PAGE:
UPDATE: See my post at GottaBeMobile to understand how this might be a problem fixed.
For over a year we’ve tried to use the Apple TV over Wi-Fi as a presentation tool at the church where I’m a pastor, but this month we’ve given up because the device just doesn’t give us a reliable option anymore.
We connect the Apple TV to a projector in a our fellowship hall, the site of our Wednesday night Bible study and other meetings. The Apple TV connects via Wi-Fi to our network and we stream video and display presentations from an iPad or iPhone using AirPlay. For those who don’t know, AirPlay wirelessly displays content from an iOS device like the iPad, iPod Touch or iPhone to an Apple TV.
At first this solution worked great. I really like using wireless to connect a laptop or my iPad and iPhone to a projector via the Apple TV. It definitely beats hooking up to the VGA port and our stereo system. Tethering to the projector and sound via wires limits where I can stand. With the iPad and AirPlay over Apple TV I was able to stand closer to the attendees. I put the iPad or iPhone on a lectern, tapped the Home button twice and swiped right to show the AirPlay screen mirroring feature. The setup worked great for about a year and I relied on it weekly.
Unfortunately, with iOS 5 and later the Wi-Fi on the Apple TV no longer connects reliably enough. A bunch of Apple customers took to the Apple support communities to describe similar situations in a 58 page tread with hundreds of users suffering unreliable connections.
When I connect to the Apple TV using AirPlay everything seems to work fine at first. Then after a few minutes there’s usually a drop blanking the screen. This usually happens during higher bandwidth functions like streaming video. It’s also happened when display slides in a presentation using Keynote.
Connecting over Ethernet will prove costly to us at this time. We tried adding a Wi-Fi extender from Netgear between our wireless router and the Apple TV. The extender normally works well. We’ve also tried tweaking settings in our router and even removing security features.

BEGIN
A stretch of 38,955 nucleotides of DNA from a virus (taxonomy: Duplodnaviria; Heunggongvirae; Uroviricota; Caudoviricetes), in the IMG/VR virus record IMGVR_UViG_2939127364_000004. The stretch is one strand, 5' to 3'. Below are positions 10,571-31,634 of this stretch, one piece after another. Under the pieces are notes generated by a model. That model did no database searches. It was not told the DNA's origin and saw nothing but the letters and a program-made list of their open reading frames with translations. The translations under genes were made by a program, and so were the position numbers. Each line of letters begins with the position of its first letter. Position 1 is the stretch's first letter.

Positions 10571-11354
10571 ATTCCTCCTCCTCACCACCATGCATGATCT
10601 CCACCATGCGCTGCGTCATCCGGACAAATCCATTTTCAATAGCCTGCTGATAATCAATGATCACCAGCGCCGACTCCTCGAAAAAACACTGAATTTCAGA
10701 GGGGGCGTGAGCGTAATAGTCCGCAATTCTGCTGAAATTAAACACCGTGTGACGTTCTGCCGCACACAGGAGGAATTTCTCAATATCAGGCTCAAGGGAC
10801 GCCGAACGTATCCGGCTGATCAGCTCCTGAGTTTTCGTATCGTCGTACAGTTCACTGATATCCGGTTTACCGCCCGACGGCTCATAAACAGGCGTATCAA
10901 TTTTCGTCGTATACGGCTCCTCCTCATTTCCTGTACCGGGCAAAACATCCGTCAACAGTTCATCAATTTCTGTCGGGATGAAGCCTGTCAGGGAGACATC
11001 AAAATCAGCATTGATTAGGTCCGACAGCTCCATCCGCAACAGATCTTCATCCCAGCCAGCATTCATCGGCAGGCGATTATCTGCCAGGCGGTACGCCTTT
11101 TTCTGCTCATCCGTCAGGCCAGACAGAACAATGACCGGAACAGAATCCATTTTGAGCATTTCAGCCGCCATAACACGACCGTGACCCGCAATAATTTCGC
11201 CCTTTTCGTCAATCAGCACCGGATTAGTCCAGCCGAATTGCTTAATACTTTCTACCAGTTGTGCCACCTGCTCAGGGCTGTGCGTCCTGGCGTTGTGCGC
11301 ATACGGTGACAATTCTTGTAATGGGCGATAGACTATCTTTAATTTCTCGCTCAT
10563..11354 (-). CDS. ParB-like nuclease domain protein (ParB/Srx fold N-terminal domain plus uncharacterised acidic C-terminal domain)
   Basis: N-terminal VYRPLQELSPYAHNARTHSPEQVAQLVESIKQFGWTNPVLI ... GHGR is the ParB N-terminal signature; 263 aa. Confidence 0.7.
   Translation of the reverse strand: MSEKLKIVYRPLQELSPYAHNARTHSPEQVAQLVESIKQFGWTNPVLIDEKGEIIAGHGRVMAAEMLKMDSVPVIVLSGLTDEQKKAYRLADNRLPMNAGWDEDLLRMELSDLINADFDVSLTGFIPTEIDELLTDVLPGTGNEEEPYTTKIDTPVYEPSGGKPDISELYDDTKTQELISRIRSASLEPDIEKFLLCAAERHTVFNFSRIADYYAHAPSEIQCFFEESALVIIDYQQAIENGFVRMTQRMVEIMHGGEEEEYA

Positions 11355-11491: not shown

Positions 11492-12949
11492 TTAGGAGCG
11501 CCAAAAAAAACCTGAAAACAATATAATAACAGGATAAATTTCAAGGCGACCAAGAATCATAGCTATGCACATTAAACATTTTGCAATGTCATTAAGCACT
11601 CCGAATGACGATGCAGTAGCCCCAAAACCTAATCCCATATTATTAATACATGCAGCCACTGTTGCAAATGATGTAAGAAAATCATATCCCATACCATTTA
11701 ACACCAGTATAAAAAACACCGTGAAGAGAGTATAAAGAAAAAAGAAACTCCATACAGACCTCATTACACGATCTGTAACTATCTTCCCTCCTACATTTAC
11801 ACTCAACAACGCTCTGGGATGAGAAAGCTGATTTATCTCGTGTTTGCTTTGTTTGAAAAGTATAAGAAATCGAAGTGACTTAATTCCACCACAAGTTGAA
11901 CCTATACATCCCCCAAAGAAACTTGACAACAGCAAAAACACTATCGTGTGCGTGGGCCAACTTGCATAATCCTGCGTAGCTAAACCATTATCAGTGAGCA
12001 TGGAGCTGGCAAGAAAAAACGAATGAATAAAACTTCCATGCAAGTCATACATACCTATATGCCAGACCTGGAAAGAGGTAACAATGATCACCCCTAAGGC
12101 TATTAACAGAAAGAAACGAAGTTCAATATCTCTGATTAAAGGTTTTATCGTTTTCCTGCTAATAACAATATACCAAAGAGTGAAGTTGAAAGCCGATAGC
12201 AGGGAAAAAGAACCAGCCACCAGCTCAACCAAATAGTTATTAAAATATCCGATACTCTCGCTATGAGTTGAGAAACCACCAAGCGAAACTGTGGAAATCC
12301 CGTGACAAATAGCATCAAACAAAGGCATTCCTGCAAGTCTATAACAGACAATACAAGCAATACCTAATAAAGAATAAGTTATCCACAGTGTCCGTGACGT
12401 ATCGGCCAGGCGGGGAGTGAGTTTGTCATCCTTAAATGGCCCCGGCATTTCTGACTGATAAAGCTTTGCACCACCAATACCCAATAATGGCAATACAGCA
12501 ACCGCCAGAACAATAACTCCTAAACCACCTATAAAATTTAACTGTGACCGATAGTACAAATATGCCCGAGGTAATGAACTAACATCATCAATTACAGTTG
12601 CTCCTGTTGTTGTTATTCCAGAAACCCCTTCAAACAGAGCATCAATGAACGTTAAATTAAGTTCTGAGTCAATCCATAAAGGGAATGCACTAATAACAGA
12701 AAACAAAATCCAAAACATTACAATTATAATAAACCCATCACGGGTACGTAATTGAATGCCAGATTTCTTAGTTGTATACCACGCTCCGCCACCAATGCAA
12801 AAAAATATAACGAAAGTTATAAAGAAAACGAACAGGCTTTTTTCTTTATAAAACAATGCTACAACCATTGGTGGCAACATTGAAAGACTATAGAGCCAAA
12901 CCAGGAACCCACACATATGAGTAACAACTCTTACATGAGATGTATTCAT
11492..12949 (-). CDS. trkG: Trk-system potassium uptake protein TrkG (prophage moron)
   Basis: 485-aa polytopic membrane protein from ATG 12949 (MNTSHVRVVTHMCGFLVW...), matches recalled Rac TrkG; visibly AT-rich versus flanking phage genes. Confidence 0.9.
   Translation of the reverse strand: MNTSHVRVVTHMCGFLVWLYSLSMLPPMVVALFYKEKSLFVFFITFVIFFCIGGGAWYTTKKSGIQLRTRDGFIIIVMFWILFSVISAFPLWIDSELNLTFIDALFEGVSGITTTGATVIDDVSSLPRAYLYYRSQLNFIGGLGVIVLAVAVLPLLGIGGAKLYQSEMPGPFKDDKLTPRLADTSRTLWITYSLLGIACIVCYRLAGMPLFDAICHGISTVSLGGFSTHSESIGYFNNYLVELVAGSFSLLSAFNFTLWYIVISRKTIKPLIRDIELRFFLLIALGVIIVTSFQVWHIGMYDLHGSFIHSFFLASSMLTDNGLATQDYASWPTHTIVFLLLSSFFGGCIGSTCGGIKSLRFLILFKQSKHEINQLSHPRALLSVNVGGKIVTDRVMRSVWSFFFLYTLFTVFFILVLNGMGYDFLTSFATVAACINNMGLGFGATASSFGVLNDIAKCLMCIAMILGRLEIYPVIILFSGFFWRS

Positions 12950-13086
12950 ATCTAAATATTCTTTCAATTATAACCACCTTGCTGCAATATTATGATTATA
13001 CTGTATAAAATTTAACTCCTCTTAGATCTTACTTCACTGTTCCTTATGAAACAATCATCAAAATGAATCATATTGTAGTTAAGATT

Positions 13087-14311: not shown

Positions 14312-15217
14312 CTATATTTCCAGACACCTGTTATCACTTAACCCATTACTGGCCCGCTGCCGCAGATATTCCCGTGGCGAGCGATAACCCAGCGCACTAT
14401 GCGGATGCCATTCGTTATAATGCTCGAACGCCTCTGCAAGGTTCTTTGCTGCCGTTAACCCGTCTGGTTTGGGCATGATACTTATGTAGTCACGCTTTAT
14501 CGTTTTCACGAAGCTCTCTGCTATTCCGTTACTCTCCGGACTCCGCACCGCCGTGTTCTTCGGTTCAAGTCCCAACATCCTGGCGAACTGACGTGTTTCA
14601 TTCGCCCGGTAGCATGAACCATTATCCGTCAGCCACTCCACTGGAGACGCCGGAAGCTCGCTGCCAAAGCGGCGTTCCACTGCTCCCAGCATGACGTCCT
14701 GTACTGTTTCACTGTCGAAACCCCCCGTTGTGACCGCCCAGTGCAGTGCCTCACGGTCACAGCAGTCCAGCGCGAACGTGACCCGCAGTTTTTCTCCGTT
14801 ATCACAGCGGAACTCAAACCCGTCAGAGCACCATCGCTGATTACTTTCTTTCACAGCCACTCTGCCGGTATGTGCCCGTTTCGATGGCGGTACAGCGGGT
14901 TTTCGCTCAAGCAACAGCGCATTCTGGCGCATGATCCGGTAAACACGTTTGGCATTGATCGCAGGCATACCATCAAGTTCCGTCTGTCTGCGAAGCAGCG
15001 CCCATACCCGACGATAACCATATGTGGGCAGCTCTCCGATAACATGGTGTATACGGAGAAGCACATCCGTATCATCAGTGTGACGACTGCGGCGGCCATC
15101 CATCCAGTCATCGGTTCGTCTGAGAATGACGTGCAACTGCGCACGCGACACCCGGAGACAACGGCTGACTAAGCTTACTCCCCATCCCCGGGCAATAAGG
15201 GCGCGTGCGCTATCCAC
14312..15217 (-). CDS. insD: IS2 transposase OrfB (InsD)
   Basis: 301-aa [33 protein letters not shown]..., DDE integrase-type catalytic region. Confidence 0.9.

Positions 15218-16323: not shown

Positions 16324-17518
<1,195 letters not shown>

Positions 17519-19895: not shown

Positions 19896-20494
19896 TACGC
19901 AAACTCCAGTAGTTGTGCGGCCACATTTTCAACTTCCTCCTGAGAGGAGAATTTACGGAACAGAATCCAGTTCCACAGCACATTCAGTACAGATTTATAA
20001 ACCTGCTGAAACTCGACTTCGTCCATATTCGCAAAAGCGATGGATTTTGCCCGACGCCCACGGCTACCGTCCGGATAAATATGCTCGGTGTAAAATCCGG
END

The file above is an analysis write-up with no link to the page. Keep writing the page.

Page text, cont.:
For entertainment purposes at home, the Apple TV version 2 and newer became a must have iPad and iPhone accessory that only costs $99. We still believe that for home entertainment, it’s a great tool. Users can stream video from Apple iTunes, their iPad, iPhone, iPod Touch and now Mac. Users can enjoy video from third-party services like Netflix, MLB and more. We love using it for an entertainment device and wish they would expand their offerings.
Entertainment users won’t put up with a lot of dropped connections, but the occasional hiccup for a device like this doesn’t make me want to throw it out yet. However, churches need a solid and reliable solution that always works. The Apple TV doesn’t give us that.
Imagine standing in front of dozens of people. They came to watch a video that I promoted for weeks. As the presenter, I didn’t plan for a backup presentation because the video, would last the entire hour. After about 15 minutes it dropped a connection. After reconnecting and starting again, it dropped after another 20 minutes. Nearly every time we’ve planned to use the Apple TV for videos and presentations it dropped the connection. Until something changes, I will longer rely on the Apple TV at church. I can no longer recommend it until Apple fixes this issue.
If you don’t mind the occasional hiccup at home and have a wired connection, the it works great. If you can connect the Apple TV to the church’s network via Ethernet, then it works great. But don’t rely on it using Wi-Fi at this time.